The player’s best course of action is to call them out in public. This can be done through a forum or watchdog site like Sportsbook Review, which actively negotiates with management in some cases.
Ultimately though, if a sportsbook doesn’t want to honor a wager, there’s basically nothing that can be done.
Why Sportsbooks Void Winnings?
Scam sportsbooks void winnings for a variety of reasons. These can range from using the old “syndicate betting” clause or because they were too slow to move a line, which they then count as an error.
If a sportsbook doesn’t want to pay you, they will find a reason. The most surprising part about all of this is that it’s often done in the public eye.
A sportsbook’s management knows that other players or potential customers will read or hear about these disputes when things go public. They often still decide to rule against players, despite heavy disagreement from the community.
The public relations hit they take far outweighs the funds in question in the vast majority of cases.
These sportsbooks either don’t care how it affects their image or are in such terrible shape financially than paying out will put them in a dangerous situation.
Expert Tip #6Slow-Pay Means No-Pay At Online Sportsbook
This seems like an obvious red flag, but you would be surprised how often this is overlooked.
A clear sign of a troubled sportsbook is extended payout delays or working out payment plans with bettors.
This can be followed by the sportsbook not paying out at all, eventually closing their doors, and running off with whatever is left of players’ funds.
One aspect that is overlooked is the type of bettors who are being paid. Is the sportsbook quickly paying out lower balances but giving the run-around to those that have beat them for big money?
There are many sportsbooks that operate this way regularly. They still pay most players but will do their best to slow-pay or void winnings of their largest winners.
Remember, a sportsbook can easily reach profitability if they fail to pay the top 5-10% winners.
There’s no reason to fault a book for banning or limiting players once they have taken them for a sizeable amount of cash. They just need to pay them their winnings and send them on their way.
You can tell a lot about the makeup of a shop by how they treat their biggest winners.
Looking For A Safe Sportsbook?
More Resources About Sportsbook Scams
There are several reasons that a sportsbook will “go rogue” and be added to our list of blacklisted sportsbooks.
Some sites sprout up intending to defraud players from the start. Others start their shops with good intentions, but things just don’t work out.
Running an online sportsbook is a tough business. Financial difficulties, potential legal troubles, or payment processing issues are just a few reasons a sportsbook can become insolvent.
Here are some good articles that can help in specific situations:
- What To Do When A Sportsbook Cancels A Bet
- What To Do If A Sportsbook Is Not Paying Out
Scam Sportsbooks – How To Stay Safe?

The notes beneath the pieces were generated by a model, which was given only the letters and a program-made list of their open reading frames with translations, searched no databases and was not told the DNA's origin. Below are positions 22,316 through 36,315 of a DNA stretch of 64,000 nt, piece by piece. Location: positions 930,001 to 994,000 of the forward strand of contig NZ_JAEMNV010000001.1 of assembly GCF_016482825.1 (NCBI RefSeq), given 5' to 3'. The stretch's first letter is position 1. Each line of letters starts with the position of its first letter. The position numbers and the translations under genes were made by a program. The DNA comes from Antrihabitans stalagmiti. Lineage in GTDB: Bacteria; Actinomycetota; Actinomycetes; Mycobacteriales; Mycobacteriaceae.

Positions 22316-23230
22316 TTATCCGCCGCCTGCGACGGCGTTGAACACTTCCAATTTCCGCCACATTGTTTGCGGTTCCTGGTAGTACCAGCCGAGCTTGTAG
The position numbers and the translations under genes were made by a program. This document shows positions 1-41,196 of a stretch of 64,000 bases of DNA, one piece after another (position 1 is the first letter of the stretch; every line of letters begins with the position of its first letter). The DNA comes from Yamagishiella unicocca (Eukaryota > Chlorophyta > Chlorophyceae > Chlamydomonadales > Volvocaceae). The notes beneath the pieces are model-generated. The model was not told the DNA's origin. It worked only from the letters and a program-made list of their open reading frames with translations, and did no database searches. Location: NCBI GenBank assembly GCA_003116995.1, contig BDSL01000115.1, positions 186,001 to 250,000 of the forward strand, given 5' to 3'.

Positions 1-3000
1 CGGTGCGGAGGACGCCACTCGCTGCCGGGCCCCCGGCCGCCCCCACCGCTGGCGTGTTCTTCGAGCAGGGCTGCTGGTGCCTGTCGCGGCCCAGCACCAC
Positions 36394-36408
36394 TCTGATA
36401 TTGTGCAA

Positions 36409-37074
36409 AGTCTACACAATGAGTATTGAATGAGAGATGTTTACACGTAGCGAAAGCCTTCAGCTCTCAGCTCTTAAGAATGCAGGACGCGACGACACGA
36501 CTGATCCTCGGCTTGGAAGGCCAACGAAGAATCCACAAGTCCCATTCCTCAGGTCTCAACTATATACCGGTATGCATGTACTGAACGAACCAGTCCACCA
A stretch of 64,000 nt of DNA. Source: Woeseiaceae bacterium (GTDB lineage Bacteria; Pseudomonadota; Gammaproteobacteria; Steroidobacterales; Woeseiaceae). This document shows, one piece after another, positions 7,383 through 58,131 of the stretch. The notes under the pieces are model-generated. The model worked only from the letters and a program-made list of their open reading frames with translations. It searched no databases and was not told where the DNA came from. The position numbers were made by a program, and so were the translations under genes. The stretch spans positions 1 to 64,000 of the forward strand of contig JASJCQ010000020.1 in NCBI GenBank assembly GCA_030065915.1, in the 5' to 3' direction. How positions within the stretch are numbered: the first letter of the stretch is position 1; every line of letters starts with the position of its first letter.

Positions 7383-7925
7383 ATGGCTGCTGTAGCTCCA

The one positive of a maturing online betting marketplace is that scam sportsbooks are getting easier to identify.
Many use similar tactics to lure in players, and the signs that a sportsbook is heading for financial trouble are becoming more and more apparent.
The worst part about these situations is that those new to sports betting or online gambling are the most susceptible. If their first experience betting sports online is poor, they may swear off the industry for life.
There is still a lot of money to be made betting offshore, but becoming a profitable sports bettor is hard enough without having to worry about getting paid.
The best way to keep yourself away from potential sportsbook scams is to keep up with the latest news and happenings in the industry.
We will do our best to keep bettors informed, but doing your own independent research is key.
Still not sure about the safety and security at online betting sites?
Sports Betting Safety And Security – FAQ
Does it matter where or if my sportsbook has a license?
Gambling Regulatory agencies aren’t created equal. Some allow sportsbooks to operate freely, provided they pay the licensing fee. Others are a lot more stringent.
Regulations in Europe are going to be a lot tougher than most offshore regulatory bodies. However, even in regions where regulations are relaxed, valuable operators emerge.
A focus on the sportsbook itself, not the country it is located in or regulated by, is the best approach.
What should I look for in a sportsbook if safety and security is my primary concern?
You want to take all aspects of a sportsbook into account before depositing, but if safety and security are your primary factor, looking at longevity and payment processing speeds should be your primary concern.
Sportsbooks operating longer in the industry are typically more trustworthy. Our monthly U.S. Offshore Online Sportsbook Payout Report covers the top offshore sportsbooks, and we do our best to keep our reviews as updated as possible regarding withdrawal methods and speeds for each sportsbook.
What practices do sportsbooks use to maintain safety?
The reputation of a sportsbook is important when it comes to keeping their customers’ identities and funds secure. Most use multiple security measures, including encryption of sensitive information.
Security does differ depending on jurisdictions and regulatory bodies. As always, it’s important to read up on a sportsbook before depositing.
Can I trust these sportsbooks with my information?
Once again, this depends on the operator. We trust some sportsbooks a lot more than others. Generally, we would say yes, but there have been plenty of times that offshore sportsbooks sold off client lists or used the customer data from one sportsbook to begin another operation.
What recourse do I have if I have a problem with a sportsbook?
From a legal standpoint, not much. However, emailing us at Safest Betting Sites and letting us know the situation may allow us to start a dialogue with the sportsbook and perhaps work out a solution.
Sportsbook Review does a lot of a lot of mediation between players and sportsbooks as well. In disputes, we highly recommend that players keep things civil, even if they are frustrated with the sportsbooks decision or angry about a slow payout.
Ultimately, working with management and not name-calling is the best way for a positive solution.
What if my sportsbook is not paying me?
We cover this under our scam sportsbook section. We encourage players to be polite in communications with management and if you deposited with a credit or debit card, not to threaten a chargeback.
I have a gambling problem, where do I go for help?
Gamblers Anonymous is a good start. You should never gamble more than you can afford to lose. If you think your sports betting is turning into problem gambling, seek help.
How can I set self-exclusion limits on my bets?
It may be a feature inside your sports betting account. You may also be able to permanently ban (self-exclusion) yourself from betting at an offshore website. If you have a gambling problem, we encourage you to seek help by visiting Gamblers Anonymous.